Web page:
Dear Matt: Our company bills $160 per hour for my work, but I only make $30 per hour of that. Plus two employees with less experience make more than me per hour. How does this happen?
Matt says: How companies determine compensation goes far beyond hourly wage and billable rate, and that’s why trying to figure out the magic equation that determines your own salary is difficult. “Compensation is often complicated,” says human capital consultant and HR professional Elliot Lasson. “It includes base salary, bonus, commission, benefits, deferred compensation, stock options and vacation.”
Comparing one employee to another is not always apples-to-apples, says Lasson. One employee may elect to receive more cash but less benefits coverage, and that’s why more employers are focusing on total compensation rather than straight pay per hour or yearly salary when making offers to employees.
There are a number of factors to be considered in determining the pay rate for employees whose time is billed externally to a client, says certified compensation consultant Joe Kager, managing consultant and founder of the POE Group. Billing rates are typically two to four times the compensation paid to externally billable positions, and the difference in the salaries employees are actually paid is determined by factors such as individual performance, tenure, experience, skill acquisition and negotiation.
“Generally, employee pay levels are driven by market-competitive rates,” says Kager. “Externally billable employees are paid less than the rate the company receives from the client to account for all of the additional costs in running the business. These include the compensation of employees that are not externally billable, the cost of benefits and the infrastructure costs of the business.”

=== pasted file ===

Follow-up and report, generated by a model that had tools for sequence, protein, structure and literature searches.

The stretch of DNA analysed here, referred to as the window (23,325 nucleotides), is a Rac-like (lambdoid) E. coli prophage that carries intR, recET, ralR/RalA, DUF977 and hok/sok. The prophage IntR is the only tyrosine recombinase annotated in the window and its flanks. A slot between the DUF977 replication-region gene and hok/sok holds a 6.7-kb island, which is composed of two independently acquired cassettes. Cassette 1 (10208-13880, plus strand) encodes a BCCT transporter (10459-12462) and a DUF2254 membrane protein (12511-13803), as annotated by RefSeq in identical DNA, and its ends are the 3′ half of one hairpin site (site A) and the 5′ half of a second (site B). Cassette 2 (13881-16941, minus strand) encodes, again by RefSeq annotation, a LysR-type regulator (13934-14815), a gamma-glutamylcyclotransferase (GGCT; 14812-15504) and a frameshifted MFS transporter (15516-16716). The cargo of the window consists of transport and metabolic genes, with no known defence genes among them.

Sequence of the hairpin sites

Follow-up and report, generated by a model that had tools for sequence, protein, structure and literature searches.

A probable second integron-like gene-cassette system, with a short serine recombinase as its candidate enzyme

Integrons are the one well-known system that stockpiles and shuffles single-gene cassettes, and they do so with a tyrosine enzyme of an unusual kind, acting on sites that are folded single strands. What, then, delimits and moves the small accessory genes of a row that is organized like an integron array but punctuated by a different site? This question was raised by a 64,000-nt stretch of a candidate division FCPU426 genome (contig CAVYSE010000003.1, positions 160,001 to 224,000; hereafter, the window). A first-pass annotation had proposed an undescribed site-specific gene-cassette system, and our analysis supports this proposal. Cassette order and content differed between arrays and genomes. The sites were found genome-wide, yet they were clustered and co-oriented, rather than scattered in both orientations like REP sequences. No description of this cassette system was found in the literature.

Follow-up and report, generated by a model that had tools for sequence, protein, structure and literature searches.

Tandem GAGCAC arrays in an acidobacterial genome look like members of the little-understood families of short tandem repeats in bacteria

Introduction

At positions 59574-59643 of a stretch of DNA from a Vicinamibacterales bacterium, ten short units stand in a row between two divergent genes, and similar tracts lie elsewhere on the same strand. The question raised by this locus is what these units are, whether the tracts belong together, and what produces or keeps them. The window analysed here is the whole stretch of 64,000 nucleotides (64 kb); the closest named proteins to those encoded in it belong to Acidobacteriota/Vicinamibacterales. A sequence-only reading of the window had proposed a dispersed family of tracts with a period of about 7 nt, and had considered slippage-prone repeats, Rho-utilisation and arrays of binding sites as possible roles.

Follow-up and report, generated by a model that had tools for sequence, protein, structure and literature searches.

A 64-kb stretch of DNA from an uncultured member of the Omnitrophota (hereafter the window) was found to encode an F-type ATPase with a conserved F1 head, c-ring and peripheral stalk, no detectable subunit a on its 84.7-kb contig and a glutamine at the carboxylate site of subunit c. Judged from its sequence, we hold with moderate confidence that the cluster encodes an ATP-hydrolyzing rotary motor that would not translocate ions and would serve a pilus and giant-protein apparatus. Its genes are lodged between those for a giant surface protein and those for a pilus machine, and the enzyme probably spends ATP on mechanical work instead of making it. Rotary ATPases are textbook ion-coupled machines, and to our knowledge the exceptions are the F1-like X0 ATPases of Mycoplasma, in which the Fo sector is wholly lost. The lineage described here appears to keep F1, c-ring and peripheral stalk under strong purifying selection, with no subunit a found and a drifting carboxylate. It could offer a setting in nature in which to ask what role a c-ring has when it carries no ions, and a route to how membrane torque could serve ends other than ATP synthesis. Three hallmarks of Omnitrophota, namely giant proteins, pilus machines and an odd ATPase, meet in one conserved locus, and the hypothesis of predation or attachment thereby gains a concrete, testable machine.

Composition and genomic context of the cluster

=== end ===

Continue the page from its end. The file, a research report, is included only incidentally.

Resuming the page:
In a survey by global outplacement firm Challenger, Gray & Christmas, 55 percent of HR executives said that companies should practice some form of salary transparency — making individual salaries open to company employees or public information — but 39 percent were opposed to opening the books on salaries. “There are countless pitfalls related to practicing salary transparency,” said John A. Challenger, chief executive officer of Challenger, Gray & Christmas. “Even minor discrepancies between co-workers’ salaries can lead to resentment and conflicts over who earns what.”
Instead of worrying about what the person next to you makes, focus on mastering the art of salary negotiation, and once hired, focus on adding new skills. “The person with the higher salary may possess a unique or in-demand skill or it may have taken a higher salary offer to lure the worker from his or her previous employer,” says Challenger. “It simply may be that the higher earner was a better negotiator.”
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